There are seven towns in New York state that still have a ban of some sort on alcohol. A new bill that heads for senate approval would kill that ban, superseding local laws.

New York Law Kills Ban On Booze

The country at one point during the 1800's had a serious problem with alcohol and all that comes with that. Prohibition lasted from 1920-1933 in the U.S.

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They aimed to heal what they saw as an ill society beset by alcohol-related problems such as alcoholism, family violence, and saloon-based political corruption. -wikipedia

Seven communities in New York still feel that no alcohol is still the way to go, or at least the law still exists. Not everyone wants to lift the ban on dry towns.

  • Caneadea (biggest community)
  • Freemont
  • Jasper
  • Clymer
  • Lapeer
  • Orwell
  • Berkshire

'Taking control away from locals'?

Philip G. Stockin, Caneadea’s deputy town supervisor, said he’s fine with the status quo, citing alcohol abuse as a major concern.

“It gets frustrating when the state hands down mandates, it takes more and more control away from the locals,” Stockin said. -AP


The reason for the bill is simply that bans on alcohol are outdated. Just because a certain town is dry doesn't mean the people who live there don't drink alcohol. The ban would benefit the local economy and prevent people from buying or dining out of town.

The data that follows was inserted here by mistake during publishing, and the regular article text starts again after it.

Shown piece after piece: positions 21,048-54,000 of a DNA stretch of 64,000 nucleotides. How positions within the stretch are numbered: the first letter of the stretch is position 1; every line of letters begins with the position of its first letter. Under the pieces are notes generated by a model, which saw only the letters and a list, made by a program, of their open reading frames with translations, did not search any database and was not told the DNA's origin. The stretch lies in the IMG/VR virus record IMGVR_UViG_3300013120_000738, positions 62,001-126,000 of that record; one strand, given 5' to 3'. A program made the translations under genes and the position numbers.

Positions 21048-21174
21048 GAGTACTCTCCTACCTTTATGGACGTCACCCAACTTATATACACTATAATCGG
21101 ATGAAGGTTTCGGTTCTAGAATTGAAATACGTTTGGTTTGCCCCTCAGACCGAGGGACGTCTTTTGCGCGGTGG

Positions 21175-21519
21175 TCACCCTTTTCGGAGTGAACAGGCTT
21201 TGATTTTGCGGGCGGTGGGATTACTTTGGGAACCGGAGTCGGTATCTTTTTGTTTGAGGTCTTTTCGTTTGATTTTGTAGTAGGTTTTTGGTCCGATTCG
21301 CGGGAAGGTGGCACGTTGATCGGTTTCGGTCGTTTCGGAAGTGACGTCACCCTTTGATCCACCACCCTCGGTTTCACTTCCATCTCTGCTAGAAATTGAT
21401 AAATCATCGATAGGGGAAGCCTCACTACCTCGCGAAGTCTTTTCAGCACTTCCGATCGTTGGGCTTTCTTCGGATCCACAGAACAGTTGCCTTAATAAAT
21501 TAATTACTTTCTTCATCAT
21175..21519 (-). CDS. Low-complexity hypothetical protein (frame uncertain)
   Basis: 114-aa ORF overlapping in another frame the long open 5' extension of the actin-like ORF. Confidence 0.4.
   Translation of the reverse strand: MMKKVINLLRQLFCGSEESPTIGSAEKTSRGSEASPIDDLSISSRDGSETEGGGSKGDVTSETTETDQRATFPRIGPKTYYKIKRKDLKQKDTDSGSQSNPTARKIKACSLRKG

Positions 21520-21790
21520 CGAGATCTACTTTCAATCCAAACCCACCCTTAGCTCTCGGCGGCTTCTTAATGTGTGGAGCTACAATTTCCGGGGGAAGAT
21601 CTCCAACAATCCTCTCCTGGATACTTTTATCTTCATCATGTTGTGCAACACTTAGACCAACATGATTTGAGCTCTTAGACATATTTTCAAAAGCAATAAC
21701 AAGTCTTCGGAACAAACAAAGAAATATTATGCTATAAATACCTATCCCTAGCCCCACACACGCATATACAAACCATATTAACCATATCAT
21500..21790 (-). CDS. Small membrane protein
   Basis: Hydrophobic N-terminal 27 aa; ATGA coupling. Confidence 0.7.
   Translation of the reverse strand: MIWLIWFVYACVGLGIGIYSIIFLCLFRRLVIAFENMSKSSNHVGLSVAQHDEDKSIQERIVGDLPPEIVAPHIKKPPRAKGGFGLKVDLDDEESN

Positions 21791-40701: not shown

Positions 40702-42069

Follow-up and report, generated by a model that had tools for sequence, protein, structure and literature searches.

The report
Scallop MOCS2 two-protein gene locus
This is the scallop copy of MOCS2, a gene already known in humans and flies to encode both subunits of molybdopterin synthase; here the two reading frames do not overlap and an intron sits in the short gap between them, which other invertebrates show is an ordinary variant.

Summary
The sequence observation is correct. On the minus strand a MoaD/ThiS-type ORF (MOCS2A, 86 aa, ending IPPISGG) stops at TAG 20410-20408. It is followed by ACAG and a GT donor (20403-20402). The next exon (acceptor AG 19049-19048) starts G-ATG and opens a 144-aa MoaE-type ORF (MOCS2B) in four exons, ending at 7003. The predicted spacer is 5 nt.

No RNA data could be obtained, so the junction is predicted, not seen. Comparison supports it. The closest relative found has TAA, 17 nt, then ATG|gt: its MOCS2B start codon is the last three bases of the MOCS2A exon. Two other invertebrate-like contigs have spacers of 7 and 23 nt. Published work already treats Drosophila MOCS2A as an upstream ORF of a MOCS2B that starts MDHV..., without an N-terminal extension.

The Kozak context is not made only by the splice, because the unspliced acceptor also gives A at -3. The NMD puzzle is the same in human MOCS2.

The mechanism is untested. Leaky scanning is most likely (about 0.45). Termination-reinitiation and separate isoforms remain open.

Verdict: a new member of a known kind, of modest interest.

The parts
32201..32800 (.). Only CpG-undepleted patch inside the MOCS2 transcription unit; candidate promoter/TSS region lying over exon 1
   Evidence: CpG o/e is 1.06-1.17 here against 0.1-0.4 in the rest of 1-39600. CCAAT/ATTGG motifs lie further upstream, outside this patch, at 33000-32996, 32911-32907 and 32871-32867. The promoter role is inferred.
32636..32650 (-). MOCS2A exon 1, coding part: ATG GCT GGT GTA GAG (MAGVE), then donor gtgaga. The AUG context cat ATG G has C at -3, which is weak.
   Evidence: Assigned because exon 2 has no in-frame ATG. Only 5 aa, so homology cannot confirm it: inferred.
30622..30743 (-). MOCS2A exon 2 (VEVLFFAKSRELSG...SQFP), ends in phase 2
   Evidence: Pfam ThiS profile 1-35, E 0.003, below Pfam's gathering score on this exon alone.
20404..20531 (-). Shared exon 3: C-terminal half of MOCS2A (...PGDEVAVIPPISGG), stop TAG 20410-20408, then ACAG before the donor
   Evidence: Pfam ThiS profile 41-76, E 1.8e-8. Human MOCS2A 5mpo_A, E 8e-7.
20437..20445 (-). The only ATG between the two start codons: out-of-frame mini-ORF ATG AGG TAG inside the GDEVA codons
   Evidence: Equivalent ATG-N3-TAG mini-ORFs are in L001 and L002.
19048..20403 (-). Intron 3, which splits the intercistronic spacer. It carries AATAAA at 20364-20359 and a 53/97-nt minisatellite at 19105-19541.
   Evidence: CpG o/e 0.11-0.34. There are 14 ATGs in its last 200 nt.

Bans on alcohol at this point are 'kind of silly'

The bill’s sponsor argues that lifting restrictions will spur business growth and save those who live in such places from having to buy their booze elsewhere, allowing them to enjoy a glass of wine with dinner at local restaurants.


“This ain’t the Prohibition era any longer. We live in New York in 2024, and this thing is kind of silly,” said state Sen. James Skoufis, a Democrat who chairs a legislative committee that most of the state alcohol laws pass through.

LOOK: Best Beers From Every State

To find the best beer in each state and Washington D.C., Stacker analyzed January 2020 data from BeerAdvocate, a website that gathers user scores for beer in real-time. BeerAdvocate makes its determinations by compiling consumer ratings for all 50 states and Washington D.C. and applying a weighted rank to each. The weighted rank pulls the beer toward the list's average based on the number of ratings it has and aims to allow lesser-known beers to increase in rank. Only beers with at least 10 rankings to be considered; we took it a step further to only include beers with at least 100 user rankings in our gallery. Keep reading to find out what the best beer is in each of the 50 states and Washington D.C.

Gallery Credit: Angela Underwood

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